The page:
China’s Provocative Blunder in the Pacific
China is now making East Asia as unsafe as it possibly can. Tokyo and Beijing are not that far from blows over a few forsaken rocks in the East China Sea. Is Beijing behaving badly because it wants to flex its muscles at the expense of a traditional adversary? For a century and more, China’s leaders have sought a galvanizing enemy whenever they have felt uncertain at home.
Xi Jinping will usher a new generation of leaders into office when he assumes the presidency next month. He is known already to be of a more forceful disposition than Hu Jintao, his predecessor. But Xi and his colleagues will sit in office more insecurely than anyone at least since Deng Xiaoping began the reform period three decades ago. And this insecurity is the source of China’s erratic, immature behavior.
Make no mistake about the gravity of this suddenly frightening state of affairs. The world’s three largest economies—the U.S., China, and Japan—are densely networked and interdependent, and they are all at risk given the U.S. pledge to aid Japan if it is attacked. Not surprisingly,
American diplomats have rushed to Tokyo and Beijing to try to resolve the ridiculous territorial dispute that has led to this escalating mess.
Tokyo has just charged the Chinese navy with aiming weapons-guiding radar at one of its warships. If it is true—Beijing denies the accusation—it does not get a great deal more provocative. The Japanese navy and air force say they are now prepared to fire warning shots in their future encounters.
The ostensible cause of this hard-to-believe brinksmanship is a set of islands in the East China Sea that Japan (which controls them) calls the Senkakus and which China calls the Diaoyus. In the 1960s geologists found evidence of oil and gas reserves beneath them. At this point the islands are a case for one of those law-of-the-sea adjudications, with joint development of resources a logical outcome.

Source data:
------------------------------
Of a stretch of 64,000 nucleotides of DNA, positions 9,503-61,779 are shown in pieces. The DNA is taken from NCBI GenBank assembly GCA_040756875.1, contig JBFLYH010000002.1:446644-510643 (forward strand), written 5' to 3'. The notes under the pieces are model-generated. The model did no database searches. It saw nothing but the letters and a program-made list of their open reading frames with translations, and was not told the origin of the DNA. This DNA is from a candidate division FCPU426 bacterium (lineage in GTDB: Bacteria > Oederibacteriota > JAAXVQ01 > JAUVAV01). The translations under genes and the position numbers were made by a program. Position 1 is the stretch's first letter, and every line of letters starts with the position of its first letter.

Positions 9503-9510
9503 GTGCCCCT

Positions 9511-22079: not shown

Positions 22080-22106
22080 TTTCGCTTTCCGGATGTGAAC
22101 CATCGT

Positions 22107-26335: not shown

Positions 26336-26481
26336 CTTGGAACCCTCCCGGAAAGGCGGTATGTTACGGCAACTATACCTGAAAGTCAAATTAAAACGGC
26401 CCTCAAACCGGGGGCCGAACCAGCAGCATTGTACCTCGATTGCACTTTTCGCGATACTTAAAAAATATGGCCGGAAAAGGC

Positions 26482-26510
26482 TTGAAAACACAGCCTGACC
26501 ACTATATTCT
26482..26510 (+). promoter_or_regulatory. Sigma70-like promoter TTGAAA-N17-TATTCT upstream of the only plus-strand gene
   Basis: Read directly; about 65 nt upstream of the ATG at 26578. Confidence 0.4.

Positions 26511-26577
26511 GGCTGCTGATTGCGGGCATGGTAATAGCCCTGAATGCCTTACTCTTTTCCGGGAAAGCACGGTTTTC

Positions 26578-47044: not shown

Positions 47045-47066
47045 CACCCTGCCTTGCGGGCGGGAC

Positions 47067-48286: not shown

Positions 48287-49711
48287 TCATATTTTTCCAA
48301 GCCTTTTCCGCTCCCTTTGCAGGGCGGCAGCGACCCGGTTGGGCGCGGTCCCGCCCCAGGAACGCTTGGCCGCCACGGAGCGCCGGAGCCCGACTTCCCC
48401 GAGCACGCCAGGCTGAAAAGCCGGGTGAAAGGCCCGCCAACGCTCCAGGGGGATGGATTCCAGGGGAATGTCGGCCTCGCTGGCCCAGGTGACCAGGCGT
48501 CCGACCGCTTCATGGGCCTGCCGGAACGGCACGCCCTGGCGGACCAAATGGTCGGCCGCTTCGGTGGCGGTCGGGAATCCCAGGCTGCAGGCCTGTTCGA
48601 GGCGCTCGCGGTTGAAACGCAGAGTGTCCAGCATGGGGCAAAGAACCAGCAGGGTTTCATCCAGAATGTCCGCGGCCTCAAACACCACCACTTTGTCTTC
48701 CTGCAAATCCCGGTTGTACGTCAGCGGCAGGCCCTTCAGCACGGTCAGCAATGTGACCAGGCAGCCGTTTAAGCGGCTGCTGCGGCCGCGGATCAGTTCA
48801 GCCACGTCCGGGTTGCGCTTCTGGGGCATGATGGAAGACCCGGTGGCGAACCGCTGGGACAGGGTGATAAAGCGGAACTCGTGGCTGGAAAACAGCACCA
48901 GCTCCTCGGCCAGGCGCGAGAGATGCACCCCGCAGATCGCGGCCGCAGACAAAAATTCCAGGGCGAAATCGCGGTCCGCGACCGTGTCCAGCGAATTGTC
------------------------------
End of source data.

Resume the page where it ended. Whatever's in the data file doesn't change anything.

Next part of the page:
But the islands themselves seem of secondary importance next to the tension China has created—with apparent purpose—across the sea it shares with Japan. Look at a map. These places are specks. No matter how desirous China is to possess them, it does not explain the string of recklessly aggressive provocations the Chinese navy and air force have indulged in since last autumn.
It is next to impossible to imagine a war breaking out. You do not make war against one of your largest investors and trading partners, notably with the Americans standing behind them. You do not make war against one of your primary sources of technology. What better explains China’s behavior is an increasingly fragile domestic environment that Chinese leaders are at a loss to address. It is the puffed-out chest that Beijing wants to strut. It makes the party and the nation appear to be synonymous, and a war is not needed.
Japan has been China’s favorite punching bag for more than a century. Think of Japan’s disputatious history texts, think of the “comfort women” forced to serve the imperial army, think of the Nanjing Massacre. Now it is islands—our islands since the 14th century, the Chinese say. So we witness a ploy Beijing has used at least since the last dynasty: When things are unsettled at home, there is a deep reservoir of nationalist sentiment to tap. If victimhood were an export, China would be rich beyond believing.